Speaker of the National Assembly, Dr Barton Scotland yesterday disallowed a motion by PPP/C MP Irfaan Ali to adjourn the budget deliberations in order to facilitate a debate on the controversial US$18 million ExxonMobil signing bonus.
He rejected the motion on the grounds that the matter was not urgent.
The motion, which was founded on the premise that the money was not deposited into the Consolidated Fund in compliance with the Laws of Guyana, requested that the Speaker direct that the estimates be amended to include the sum.
Scotland made the ruling against the motion shortly after 2 pm yesterday after deliberating for approximately four hours. This delayed the beginning of yesterday’s hearings of the budget considerations, which saw the allocations made under the Ministry of Education and Finance being subject to scrutiny from the opposition.
Dissatisfied with Scotland’s ruling on the matter, Leader of the Opposition Bharrat Jagdeo says that legal action may be pursued in relation to the matter.
“…we felt that this matter, the matter that has engaged the whole nation’s attention over the last several days, and that has caused a lot of worry to many people regarding the blatant breaches of our financial laws and the constitution of Guyana, that the Speaker would have been more respectful of the concerns of our people and allow a full debate on this motion which would’ve exposed the many inconsistencies and illegalities of this government regarding the signing bonus,” Jagdeo said during a subsequent press briefing at Parliament.
He accused the government of “weaving a tangled tale of lies and contradictions” and acting “with impunity and bravado”. He also charged that the Speaker has “given them a free pass once again as he has given them so many times this week”.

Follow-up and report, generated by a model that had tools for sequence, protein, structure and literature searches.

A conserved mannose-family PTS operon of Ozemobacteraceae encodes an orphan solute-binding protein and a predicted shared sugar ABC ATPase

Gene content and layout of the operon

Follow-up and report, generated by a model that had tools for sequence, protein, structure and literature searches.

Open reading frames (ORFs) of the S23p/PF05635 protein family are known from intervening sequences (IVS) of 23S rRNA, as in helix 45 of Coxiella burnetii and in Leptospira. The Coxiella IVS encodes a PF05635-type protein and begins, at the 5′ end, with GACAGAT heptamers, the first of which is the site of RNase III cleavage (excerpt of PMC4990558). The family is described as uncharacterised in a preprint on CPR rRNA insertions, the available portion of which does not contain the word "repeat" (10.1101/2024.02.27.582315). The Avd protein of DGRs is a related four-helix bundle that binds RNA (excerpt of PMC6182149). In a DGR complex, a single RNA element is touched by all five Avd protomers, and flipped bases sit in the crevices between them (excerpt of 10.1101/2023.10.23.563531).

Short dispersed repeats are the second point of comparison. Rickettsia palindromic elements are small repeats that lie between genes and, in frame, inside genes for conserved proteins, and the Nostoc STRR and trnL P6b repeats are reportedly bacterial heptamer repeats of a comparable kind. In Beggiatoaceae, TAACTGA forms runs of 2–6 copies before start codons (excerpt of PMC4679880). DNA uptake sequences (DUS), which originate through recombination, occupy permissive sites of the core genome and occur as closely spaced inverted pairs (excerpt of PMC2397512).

The motion, which was brought to the house by Member of Parliament Ali and seconded by PPP/C Chief Whip Gail Teixeira, was moved by Jagdeo, after Teixeira informed the House that Ali was “unavoidably” absent.
Jagdeo, having been given a few minutes to relate to the House the grounds for the motion, explained that seven days prior, they had learnt of the signing bonus received by the Government of Guyana, and pointed out that it had previously been denied by several ministers in public statements.
He asked that Scotland direct the Minister of Finance Winston Jordan to amend the financial estimates to reflect the US$18 million, as not to do so, he said, would be in contravention of the financial laws.
Jadgeo stated that if the estimates were to be passed as is, they would be “knowingly agreeing to an illegality”. As such, he requested that the proceedings be adjourned to allow for debate of the matter.
While Jagdeo argued that the matter was urgent because of its legal implications, Scotland did not agree in his ruling.
The Speaker began by outlining the Standing Orders governing such a motion, which he related states that in order for a ruling to be made in favour of such, three criteria must be satisfied: the matter must be definite, urgent and of public importance.
While Scotland found that the matter was both definite and of public importance, he took the opposition’s seven-day delay in moving a motion in regard to it to suggest that the matter must not have been that urgent to begin with.